Historical child sexual abuse inquiry to open

BBC News
July 8, 2015

Justice Lowell Goddard will set out the guiding principles of the inquiry

The independent inquiry into historical child sexual abuse in England and Wales will open later, nearly a year after it was first announced.

It will examine how public bodies handled their duty of care to protect children from abuse.

Justice Lowell Goddard, who chairs the inquiry, will summarise how it will be run, including timescales and the areas of public life that will be examined.

The inquiry was first announced by Home Secretary Theresa May in July 2014.

It followed claims of a high-level cover-up of child sex abuse involving public figures, including politicians.

Justice Goddard, a New Zealand High Court judge, is the third person named to chair the inquiry; her two predecessors resigned over concerns about their links with the establishment.

Baroness Butler-Sloss, the first inquiry chairwoman, resigned a week after it was set up.

This followed calls for her to quit because her late brother, Sir Michael Havers, had been attorney general in the 1980s.

Her replacement, the then Lord Mayor of London Fiona Woolf, stood down on 31 October amid concerns over her links to former Home Secretary Lord Brittan.

What are the allegations?

In July last year, Labour MP Simon Danczuk called on Leon Brittan to say what he knew about paedophile allegations passed to him when he was home secretary in the 1980s.

The files were given to Lord Brittan, who died in January, by the late Conservative MP Geoffrey Dickens, a long-standing campaigner against child abuse.

Mr Dickens's son has said the files - now missing - contained "explosive" paedophile allegations about powerful and famous figures, including politicians.

Since Mr Danczuk's comments brought the so-called "Dickens dossier" to the fore, the focus has moved to the wider issue of how historical child sex abuse allegations were dealt with by public bodies and other institutions across the country.

Previously there had been calls for an overarching investigation into historical abuse claims in the wake of revelations that TV entertainer Jimmy Savile abused hundreds of victims at hospitals, children's homes and schools.

In February, it was announced Justice Goddard had been chosen to lead the inquiry because she was "as removed as possible from the organisations and institutions that might become the focus of the inquiry", Mrs May said.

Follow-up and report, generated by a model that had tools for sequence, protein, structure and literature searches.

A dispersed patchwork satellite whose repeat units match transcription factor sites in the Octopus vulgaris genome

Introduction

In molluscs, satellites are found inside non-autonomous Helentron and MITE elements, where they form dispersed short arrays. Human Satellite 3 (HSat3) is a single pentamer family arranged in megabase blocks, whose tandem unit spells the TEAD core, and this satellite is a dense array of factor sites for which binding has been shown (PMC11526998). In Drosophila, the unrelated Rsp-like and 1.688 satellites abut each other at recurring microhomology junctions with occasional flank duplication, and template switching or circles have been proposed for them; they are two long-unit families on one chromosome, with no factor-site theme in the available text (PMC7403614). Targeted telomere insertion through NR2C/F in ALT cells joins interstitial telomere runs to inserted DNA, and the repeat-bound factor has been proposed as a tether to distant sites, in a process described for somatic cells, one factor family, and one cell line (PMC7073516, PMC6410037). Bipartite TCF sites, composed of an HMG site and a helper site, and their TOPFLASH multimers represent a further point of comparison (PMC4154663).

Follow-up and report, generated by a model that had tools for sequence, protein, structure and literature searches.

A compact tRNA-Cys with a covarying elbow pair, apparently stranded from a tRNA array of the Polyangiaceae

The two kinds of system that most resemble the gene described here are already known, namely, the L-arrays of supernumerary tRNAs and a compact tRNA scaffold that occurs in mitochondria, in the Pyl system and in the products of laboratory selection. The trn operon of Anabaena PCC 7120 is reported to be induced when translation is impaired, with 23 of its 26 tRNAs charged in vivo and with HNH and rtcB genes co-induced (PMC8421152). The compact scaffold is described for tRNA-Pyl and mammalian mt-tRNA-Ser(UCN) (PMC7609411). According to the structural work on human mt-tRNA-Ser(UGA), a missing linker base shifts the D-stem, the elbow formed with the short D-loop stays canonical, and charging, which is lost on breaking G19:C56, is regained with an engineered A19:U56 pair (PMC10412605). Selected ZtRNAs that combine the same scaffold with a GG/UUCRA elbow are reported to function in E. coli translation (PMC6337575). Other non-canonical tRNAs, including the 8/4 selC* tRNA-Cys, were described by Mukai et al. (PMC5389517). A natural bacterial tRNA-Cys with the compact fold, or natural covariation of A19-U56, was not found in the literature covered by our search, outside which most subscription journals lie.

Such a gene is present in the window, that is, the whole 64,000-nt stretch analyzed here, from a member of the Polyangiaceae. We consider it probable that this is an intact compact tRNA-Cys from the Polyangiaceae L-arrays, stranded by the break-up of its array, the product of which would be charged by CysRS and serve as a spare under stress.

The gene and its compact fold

The inquiry, which was given statutory powers and a new panel, will investigate whether "public bodies and other non-state institutions have taken seriously their duty of care to protect children from sexual abuse in England and Wales".

Justice Goddard has decided abuse victims will not sit on her advisory panel, but there will be a separate Victims and Survivors Consultative Panel and the names of its members will also be made public in her opening announcement.

Some of those who have been abused are waiting to find out how and when they will be able to give their testimonies, BBC home affairs correspondent Tom Symonds says.

"The inquiry has been criticised for not making clear what support they will be given," our correspondent added.

However, the NSPCC said a team of trained counsellors would operate a free dedicated helpline to offer support on its behalf.

Peter Wanless, the charity's chief executive, said many victims had "harrowing stories to tell", adding that the charity wanted to make "what could be a tortuous journey as easy as possible".

The panel comprises Prof Alexis Jay of Strathclyde University, Drusilla Sharpling of the police inspectorate, Prof Malcolm Evans of Bristol University, and child protection barrister Ivor Frank.

Justice Goddard, who has previously led an inquiry into police handling of child abuse cases in her own country, hopes to complete the job within five years.


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